Not-so-just desserts

What the Ashley Madison hack could mean for national security

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The release of information stolen from Ashley Madison, a site devoted to helping married individuals cheat on their spouses, could harm many people. But there is one group in particular — members of the military — that might suffer more than their civilian counterparts if they’re implicated by the data dump.

An estimated 32 million Ashley Madison users were affected by the company’s hacking. Their email addresses, partial credit card information, and IP addresses were revealed over the weekend. For most people, the release of this data could be a problem. But for military members, being outed as adulterers could ruin their lives.

The Uniform Code of Military Justice is explicit about its stance on cheaters: they should be punished. Adultery itself rarely leads to a court-martial, but the charge is often added to other accusations against a serviceperson to increase their punishment, and could lead to much more severe disciplinary actions.

How severe? Well, adulterers could be punished with a year in confinement and a dishonorable discharge, which would lead them to lose all veteran benefits. Some, like former President George W. Bush, have advised against taking all adulterers to the court-martial. But still, the rule remains a part of the UCMJ.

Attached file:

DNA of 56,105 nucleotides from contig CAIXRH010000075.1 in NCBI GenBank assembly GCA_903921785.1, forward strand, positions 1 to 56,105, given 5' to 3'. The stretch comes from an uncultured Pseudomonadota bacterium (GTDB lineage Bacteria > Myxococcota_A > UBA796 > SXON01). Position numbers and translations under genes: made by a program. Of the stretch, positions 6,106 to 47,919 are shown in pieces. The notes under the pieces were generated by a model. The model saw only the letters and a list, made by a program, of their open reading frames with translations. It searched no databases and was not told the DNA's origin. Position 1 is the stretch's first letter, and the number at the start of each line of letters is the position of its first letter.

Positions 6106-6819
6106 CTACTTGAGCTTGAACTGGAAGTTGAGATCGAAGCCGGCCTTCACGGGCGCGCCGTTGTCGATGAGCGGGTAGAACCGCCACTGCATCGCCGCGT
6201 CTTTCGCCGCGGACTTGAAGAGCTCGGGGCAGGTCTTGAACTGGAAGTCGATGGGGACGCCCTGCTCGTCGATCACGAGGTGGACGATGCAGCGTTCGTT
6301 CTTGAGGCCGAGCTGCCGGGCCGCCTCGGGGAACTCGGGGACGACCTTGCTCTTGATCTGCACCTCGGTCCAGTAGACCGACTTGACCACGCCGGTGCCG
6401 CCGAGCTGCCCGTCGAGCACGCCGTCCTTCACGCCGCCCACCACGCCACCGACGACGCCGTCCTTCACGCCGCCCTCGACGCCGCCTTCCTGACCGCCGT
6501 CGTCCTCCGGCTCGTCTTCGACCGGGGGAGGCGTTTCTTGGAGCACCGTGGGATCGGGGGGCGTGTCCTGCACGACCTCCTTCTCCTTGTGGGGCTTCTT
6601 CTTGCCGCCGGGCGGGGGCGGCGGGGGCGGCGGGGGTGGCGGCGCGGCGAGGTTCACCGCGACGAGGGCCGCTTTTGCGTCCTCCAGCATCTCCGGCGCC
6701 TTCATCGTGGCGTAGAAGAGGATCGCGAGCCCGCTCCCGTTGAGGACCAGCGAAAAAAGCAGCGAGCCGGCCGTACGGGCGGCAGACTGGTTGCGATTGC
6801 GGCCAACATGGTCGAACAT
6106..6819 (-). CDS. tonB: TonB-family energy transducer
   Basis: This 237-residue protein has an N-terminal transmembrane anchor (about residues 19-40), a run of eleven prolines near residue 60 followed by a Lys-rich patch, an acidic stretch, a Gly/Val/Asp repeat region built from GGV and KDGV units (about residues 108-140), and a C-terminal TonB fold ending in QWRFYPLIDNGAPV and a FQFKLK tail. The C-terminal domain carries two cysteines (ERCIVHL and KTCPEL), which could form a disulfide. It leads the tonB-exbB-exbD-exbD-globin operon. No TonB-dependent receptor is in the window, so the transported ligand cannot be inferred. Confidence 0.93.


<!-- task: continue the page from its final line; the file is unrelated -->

It’s possible that many of the military email addresses used to sign up for Ashley Madison were fake. The company didn’t verify all account information, and someone might have used a fake email address to avoid a spouse’s ire, although that seems like a bit of a stretch. But given the other information available — including location data and the last four digits of customers’ credit cards — it doesn’t seem hard to identify personnel.

And this isn’t just a problem for the members of the military themselves. If the data wasn’t made public and was instead used for the hackers’ personal gain, holding this information over the head of someone in the military could have led to blackmail. That’s one of the main fears of any major security breach.